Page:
Data from the Australian Banking Association also shows how difficult it’s been for small businesses during Delta outbreaks and associated government restrictions. In August, the number of business loan deferrals increased nearly six-fold, rising from 600 to 3500, with owners unable to make their repayments.
However, Felsman says he understands insolvency practitioners aren’t expecting a surge in formal insolvency appointments: “Rather they’re expecting an increase in advisory services to help businesses navigate the new business environment.”
GRIP provides cross-border insolvency expertise
If international advice is required, insolvency practitioners have the option of reaching out to GRIP (Global Restructuring and Insolvency Professionals) – a professional network designed to help independent insolvency firms based around the world. Specifically, it’s a cross-border marketing and referral network that provides access to insolvency practitioners, such as Jirsch Sutherland International, who are based in a number of countries and can support members with their local knowledge of regulatory, legal and practical issues.
Jirsch Sutherland is Chair of GRIP Asia-Pacific and National Managing Partner Bradd Morelli says as more countries open up following the restrictions imposed by the COVID-19 pandemic, it’s likely there will be a greater demand for international expertise and experience in the insolvency and restructuring sectors.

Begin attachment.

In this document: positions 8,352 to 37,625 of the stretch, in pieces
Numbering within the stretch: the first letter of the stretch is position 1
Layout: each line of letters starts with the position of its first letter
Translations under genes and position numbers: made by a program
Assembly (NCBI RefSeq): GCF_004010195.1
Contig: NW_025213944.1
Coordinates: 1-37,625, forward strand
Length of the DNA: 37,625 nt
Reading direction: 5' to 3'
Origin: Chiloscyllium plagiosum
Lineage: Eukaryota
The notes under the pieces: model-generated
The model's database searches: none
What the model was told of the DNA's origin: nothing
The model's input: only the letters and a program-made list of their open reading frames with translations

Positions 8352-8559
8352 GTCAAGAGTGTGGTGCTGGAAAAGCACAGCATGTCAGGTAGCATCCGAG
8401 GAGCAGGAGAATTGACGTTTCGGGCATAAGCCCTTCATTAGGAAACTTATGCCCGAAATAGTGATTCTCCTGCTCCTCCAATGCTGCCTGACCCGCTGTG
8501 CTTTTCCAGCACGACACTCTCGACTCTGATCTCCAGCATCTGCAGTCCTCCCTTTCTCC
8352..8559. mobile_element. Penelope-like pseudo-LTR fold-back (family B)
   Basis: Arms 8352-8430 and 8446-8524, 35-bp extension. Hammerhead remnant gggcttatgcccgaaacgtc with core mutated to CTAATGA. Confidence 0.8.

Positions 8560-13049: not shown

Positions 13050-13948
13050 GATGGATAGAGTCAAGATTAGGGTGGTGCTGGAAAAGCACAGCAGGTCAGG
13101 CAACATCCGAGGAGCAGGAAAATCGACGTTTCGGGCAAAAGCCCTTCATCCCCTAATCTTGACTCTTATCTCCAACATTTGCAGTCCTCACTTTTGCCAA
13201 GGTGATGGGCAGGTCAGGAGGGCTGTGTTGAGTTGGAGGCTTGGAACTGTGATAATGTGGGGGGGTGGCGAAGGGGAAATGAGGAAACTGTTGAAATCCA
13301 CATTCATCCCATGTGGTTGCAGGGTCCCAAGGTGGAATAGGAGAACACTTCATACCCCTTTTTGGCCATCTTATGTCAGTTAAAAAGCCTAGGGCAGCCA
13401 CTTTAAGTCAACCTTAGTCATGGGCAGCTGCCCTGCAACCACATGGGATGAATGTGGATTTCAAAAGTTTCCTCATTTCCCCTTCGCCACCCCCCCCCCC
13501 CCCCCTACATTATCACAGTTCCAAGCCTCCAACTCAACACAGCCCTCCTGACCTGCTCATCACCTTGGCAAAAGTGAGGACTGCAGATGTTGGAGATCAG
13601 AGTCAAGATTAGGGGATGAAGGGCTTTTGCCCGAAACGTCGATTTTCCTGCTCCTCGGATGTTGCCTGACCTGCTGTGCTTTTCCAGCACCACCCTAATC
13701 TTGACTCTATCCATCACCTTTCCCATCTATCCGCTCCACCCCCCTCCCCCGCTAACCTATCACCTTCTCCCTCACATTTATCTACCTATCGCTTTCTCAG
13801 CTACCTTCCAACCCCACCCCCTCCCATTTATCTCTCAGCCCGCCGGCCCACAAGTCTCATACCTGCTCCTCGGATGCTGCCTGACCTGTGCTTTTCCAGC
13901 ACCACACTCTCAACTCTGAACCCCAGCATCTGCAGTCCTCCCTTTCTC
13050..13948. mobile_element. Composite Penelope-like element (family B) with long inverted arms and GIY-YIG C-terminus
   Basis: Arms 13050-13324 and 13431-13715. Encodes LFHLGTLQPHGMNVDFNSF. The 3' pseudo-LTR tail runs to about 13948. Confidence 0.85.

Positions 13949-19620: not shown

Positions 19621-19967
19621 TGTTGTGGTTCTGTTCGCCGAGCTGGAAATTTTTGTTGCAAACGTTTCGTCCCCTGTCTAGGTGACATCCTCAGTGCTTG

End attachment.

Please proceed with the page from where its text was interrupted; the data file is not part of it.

“While fiscal support has helped many businesses to survive, there’s little doubt once that support ends, global insolvencies will rise, and in some cases quite dramatically,” Morelli says. “With the help of GRIP members, cross-border referrals are possible with overseas associates, even in a world impacted by a pandemic.”
Meanwhile, Atradius’ Smid says beyond 2022, insolvencies will start to decline or remain constant and zombie firms that aren’t able to survive without support will have already become bankrupt.
“It’s clear the phasing out of fiscal support could present challenges to some firms in the short term as they once again have to operate in an environment without significant government support,” Smid says. “Some firms are especially vulnerable as they have taken up higher debt to survive the pandemic.”
Confidence is needed to reinvest in businesses and here, Felsman says measures of labour demand, retail spending and business investment are critical to the economic outlook. “If the economic recovery strengthens as expected, tightening spare capacity, this could increase the willingness of Australian corporates to invest in their businesses and hire more workers,” he says. “At the same time, supportive policy settings – including low interest rates, tax incentives and the reopening of borders – would likely encourage businesses to borrow for plant and equipment purchases.”
With Australians learning to “live with COVID” the economic recovery over the next six months is expected to be bumpy. “While business conditions are expected to continue to improve, confidence remains fragile, especially in the hard-hit tourism and hospitality industries,” Felsman says. “So, a continuation of targeted government support may be necessary while businesses get back on their feet. That said, companies that come out of the pandemic in a parlous state should consult an insolvency specialist or initiate a formal insolvency appointment.”